0905: Decision looms on whether Ports of Auckland should weigh anchor

Cabinet will soon make a decision on what to do with the Ports of Auckland. This week Cabinet's development committee with consider the latest report from the Upper North Island Supply Chain Strategy working group, which reportedly recommends moving "much or all" of Auckland's freight business to Northport near Whangarei. It also recommends keeping and modernising the Auckland's cruise-ship terminal, rejunvenating the main trunk line north and building a new inland freight hub - and making a start on all of this now. In dollar terms, it says the cost of leaving the port where it is would be about $8 billion, while moving it would be $10 billion and Auckland Council would be $6 billion better off. Kathryn discusses the leaked report with the chair of the working group for the Upper North Island Supply Chain Strategy, Wayne Brown.

AUCKLAND - MAY 22 2016:May new cars on Captain Cook Wharf in Ports of Auckland.In 2012, New Zealand imported 173,000 motor vehicles, mainly from Japan

Photo: 123RF

09:20 Free speech crisis on New Zealand campuses?

No caption

Photo: Supplied

An urgent call is going out to the Vice Chancellors and Councils of all New Zealand universities from a group of academics concerned about the state of free speech on campus. The letter's asking university leadership to protect free debate and to repudiate censorship by affirming the 'Chicago principles'. That relates to guidelines adopted by the University of Chicago that enables university members to discuss any problem that presents itself within the bounds of the law. Letter author, Dr Michael Johnston from Victoria University of Wellington says institutions must not obstruct the freedom of others to express their views, even if they are ideas they reject or loathe. Derek McCormack from the Auckland University of Technology is Chair of Universities New Zealand.

09:45 Maltese PM's job on the line, Irish woman who joined Isis arrested in Dublin

Europe correspondent Seamus Kearney looks at how the job of Malta's Prime Minister is on the line as fallout from the murder of a journalist on the island strikes at the heart of the government, and an Irish woman who joined Isis has been arrested upon her return to Dublin - despite the Justice Minister say it was unlikely.

People holding placards and photos of killed journalist Daphne Caruana Galizia, stage a protest called by Galizia's family and civic movements, on November 29, 2019 outside the office of the prime minister in Valletta, Malta.

 People holding placards and photos of killed journalist Daphne Caruana Galizia, stage a protest outside the office of the prime minister in Valletta, Malta. Photo: AFP

10:05 Making rare investments: Annette Campbell-White

No caption

Photo: Supplied

New Zealand-born Annette Campbell-White lists collecting books, philanthropy and venture capitalism among her interests.  By "books" she means rare editions from the likes of T.S. Eliot, James Joyce and Joseph Conrad. Also among her collection, letters from Virginia Woolf and Ernest Hemingway. Books aside, Annette smashed the glass ceiling in Wall Street: she was the first biotechnology analyst there and the first female partner at a leading investment banking firm.  She founded venture capital business MedVenture Associates, creating more than $5 billion in cumulative value. As if all that wasn't enough, Annette established the Kia Ora Foundation to help New Zealand musical, science and engineering students.  Annette tells Kathryn Ryan her story, as it appears in her new memoir Beyond Market Value, A Memoir of Book Collecting and the World of Venture Capital.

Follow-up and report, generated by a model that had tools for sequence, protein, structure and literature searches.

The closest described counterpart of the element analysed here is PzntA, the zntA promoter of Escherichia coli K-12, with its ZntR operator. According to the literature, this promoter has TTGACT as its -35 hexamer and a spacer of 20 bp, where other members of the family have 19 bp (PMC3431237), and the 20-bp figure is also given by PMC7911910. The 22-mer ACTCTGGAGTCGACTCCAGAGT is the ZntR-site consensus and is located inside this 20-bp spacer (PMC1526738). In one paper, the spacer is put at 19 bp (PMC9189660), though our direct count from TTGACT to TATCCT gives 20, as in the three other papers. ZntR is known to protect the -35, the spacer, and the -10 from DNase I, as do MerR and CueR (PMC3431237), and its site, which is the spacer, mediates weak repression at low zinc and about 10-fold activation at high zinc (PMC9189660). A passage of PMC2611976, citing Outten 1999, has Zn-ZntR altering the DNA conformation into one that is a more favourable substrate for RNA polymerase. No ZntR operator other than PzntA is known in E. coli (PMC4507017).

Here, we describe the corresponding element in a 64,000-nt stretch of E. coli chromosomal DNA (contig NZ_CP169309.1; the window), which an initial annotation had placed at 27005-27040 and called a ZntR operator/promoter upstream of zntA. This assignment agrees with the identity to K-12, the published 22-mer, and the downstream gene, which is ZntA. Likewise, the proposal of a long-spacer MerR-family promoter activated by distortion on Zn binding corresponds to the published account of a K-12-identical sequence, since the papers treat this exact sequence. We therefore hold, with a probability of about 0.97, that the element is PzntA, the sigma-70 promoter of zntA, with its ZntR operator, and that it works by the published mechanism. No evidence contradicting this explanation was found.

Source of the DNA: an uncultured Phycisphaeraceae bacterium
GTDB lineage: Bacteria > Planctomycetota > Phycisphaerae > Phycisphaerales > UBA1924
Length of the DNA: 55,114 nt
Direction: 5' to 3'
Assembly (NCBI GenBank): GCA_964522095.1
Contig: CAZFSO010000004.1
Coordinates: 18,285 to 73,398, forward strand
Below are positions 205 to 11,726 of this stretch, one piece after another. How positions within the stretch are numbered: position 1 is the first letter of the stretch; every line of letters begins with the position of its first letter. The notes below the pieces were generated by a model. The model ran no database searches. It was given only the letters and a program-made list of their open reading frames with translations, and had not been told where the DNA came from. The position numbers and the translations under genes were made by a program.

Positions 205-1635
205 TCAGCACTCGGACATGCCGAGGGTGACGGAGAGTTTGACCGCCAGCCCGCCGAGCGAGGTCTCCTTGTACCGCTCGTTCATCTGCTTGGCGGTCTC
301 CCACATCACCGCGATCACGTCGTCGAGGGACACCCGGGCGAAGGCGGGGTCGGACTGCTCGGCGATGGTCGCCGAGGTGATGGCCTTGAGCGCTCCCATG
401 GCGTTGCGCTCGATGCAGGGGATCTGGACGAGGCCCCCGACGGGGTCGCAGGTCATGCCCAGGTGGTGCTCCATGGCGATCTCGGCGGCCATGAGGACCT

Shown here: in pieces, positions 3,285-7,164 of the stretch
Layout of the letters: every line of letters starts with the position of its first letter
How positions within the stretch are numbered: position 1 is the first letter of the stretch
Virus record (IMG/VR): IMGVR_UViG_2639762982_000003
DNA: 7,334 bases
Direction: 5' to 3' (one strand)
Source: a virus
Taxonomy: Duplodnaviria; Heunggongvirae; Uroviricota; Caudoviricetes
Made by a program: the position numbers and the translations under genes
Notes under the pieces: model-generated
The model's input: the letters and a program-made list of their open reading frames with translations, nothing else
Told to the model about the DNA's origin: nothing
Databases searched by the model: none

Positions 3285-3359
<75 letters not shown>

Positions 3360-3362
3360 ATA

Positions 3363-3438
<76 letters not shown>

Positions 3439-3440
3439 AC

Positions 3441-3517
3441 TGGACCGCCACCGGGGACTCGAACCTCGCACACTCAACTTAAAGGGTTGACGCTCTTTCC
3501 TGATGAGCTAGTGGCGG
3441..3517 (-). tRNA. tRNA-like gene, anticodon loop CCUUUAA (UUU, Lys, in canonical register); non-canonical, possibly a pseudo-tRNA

10:35 Book review - Highlights of recent crime fiction

No caption

Photo: Catriona Ferguson

Catriona Ferguson with a round-up of three of the best 2019 crime fiction releases:

The Strangers We Know by Pip Drysdale, published by Simon & Schuster 
A Madness of Sunshine by Nalini Singh, published by Hachette 
The Wife and the Widow by Christian White, published by Affirm Press

10:45 The Reading

Chute Thru by Janice Marriott read by Michael Whalley. (Part one of 10)

11:05 Political commentators Hooton & Jones

Announcing $400m package for schools

Photo: RNZ / Yvette McCullough

Our politics commentators discuss the Labour Party conference held in Whanganui at the weekend, and look at National's announcement that it will established a high-level 'Strike Force Raptor' police taskforce that would "tackle gang crime" if elected in 2020.  Matthew Hooton is an Auckland based consultant and lobbyist. Neale Jones was Chief of Staff to Labour Leader Jacinda Ardern, and prior to that was Chief of Staff to Andrew Little. He is director of Capital Government Relations.

11:30 Biofarm organic yoghurt: milk, cultures & kaitiakitanga

Biofarm's Cathy Tait-Jamieson

Biofarm's Cathy Tait-Jamieson Photo: supplied

Cathy Tait-Jamieson, who runs BioFarm with her husband Jamie, talks to Kathryn Ryan about their innovative approach to farming. Best known for producing probiotic natural yoghurts, they pioneered 'pouring yoghurt' with fresh milk and are one of New Zealand's earliest certified organic farms. Their story is one of vision, dedication and kaitiakitanga.

11:45 Off the beaten track with Kennedy Warne

Ocean Spur, above Lake McKenzie, near where Czech tramper Ondrej Petr died in 2016 following an alpine mishap.

Ocean Spur, above Lake McKenzie, near where Czech tramper Ondrej Petr died in 2016 following an alpine mishap. Photo: Kennedy Warne

Kennedy joins Kathryn to talk about the remarkable Tupaia and lessons from an adventure that ended in tragedy.